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Richard and Jane Manoogian Mackinac Art Museum (Indian Dormitory)
Built in 1838, this square wooden structure served as the office and living quarters for U.S. Indian agent Henry Rowe Schoolcraft, and as a dormitory for Indians visiting the post on business. As a result of the Treaty of Washington (1836) between the Ottawa and Chippewa nations and the United States, the Indians ceded to the U.S. government two-thirds of the western half of the Lower Peninsula and the eastern half of the Upper Peninsula. The government agreed to provide temporary lodging for Indians who came to Mackinac to conduct business with the agent and to secure trade goods. In 1850 the building became a dormitory for Indian children, and in 1869, a school for island children. In 2010, Mackinac Island State Park opened an art museum displaying Mackinac Island artwork here.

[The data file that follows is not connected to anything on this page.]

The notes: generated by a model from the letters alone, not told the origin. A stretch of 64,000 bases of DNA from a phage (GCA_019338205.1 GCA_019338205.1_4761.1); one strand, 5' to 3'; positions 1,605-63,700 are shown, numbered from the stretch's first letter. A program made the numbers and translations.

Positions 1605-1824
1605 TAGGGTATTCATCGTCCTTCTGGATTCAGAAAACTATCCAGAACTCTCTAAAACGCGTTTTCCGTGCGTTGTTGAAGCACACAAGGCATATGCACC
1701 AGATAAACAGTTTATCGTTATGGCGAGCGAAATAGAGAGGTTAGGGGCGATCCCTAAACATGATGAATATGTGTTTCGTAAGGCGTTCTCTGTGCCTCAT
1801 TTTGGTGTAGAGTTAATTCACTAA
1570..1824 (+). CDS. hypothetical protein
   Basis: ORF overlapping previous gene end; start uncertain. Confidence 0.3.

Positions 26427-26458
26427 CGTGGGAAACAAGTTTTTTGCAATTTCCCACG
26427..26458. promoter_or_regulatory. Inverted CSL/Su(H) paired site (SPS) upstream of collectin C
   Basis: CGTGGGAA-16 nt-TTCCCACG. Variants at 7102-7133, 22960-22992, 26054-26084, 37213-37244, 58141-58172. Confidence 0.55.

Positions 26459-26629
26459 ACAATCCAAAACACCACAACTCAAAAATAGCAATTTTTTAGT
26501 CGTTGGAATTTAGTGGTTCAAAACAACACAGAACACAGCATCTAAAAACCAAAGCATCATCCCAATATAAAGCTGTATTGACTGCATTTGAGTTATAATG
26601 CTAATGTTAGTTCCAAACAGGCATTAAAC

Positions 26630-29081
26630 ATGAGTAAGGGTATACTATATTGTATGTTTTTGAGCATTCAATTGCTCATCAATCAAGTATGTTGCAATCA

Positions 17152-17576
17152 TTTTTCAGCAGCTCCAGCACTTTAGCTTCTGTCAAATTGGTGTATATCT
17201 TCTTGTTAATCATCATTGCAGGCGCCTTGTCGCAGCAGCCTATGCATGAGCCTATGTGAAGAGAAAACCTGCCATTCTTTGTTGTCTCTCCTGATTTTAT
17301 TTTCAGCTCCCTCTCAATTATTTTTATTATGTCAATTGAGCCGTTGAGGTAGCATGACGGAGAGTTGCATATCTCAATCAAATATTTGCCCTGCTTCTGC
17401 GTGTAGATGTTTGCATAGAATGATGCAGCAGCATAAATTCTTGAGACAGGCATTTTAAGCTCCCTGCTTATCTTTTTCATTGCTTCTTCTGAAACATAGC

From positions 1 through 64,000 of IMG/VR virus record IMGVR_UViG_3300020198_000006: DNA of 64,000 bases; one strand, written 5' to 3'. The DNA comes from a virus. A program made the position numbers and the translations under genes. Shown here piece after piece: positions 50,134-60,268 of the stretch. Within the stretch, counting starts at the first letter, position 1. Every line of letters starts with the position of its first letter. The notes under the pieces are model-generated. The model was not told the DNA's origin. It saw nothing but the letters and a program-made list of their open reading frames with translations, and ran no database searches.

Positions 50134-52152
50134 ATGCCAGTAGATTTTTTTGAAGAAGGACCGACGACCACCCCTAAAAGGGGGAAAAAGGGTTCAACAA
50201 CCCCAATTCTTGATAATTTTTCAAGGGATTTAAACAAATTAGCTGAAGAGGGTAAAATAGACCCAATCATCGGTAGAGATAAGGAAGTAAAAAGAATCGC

The former Indian dormitory has a simple, symmetrically arranged square plan and is two stories in height on a full exposed foundation. A single flight of stairs rises to the central entrance, which is surrounded with a transom and sidelights and flanked by six-over-six windows.
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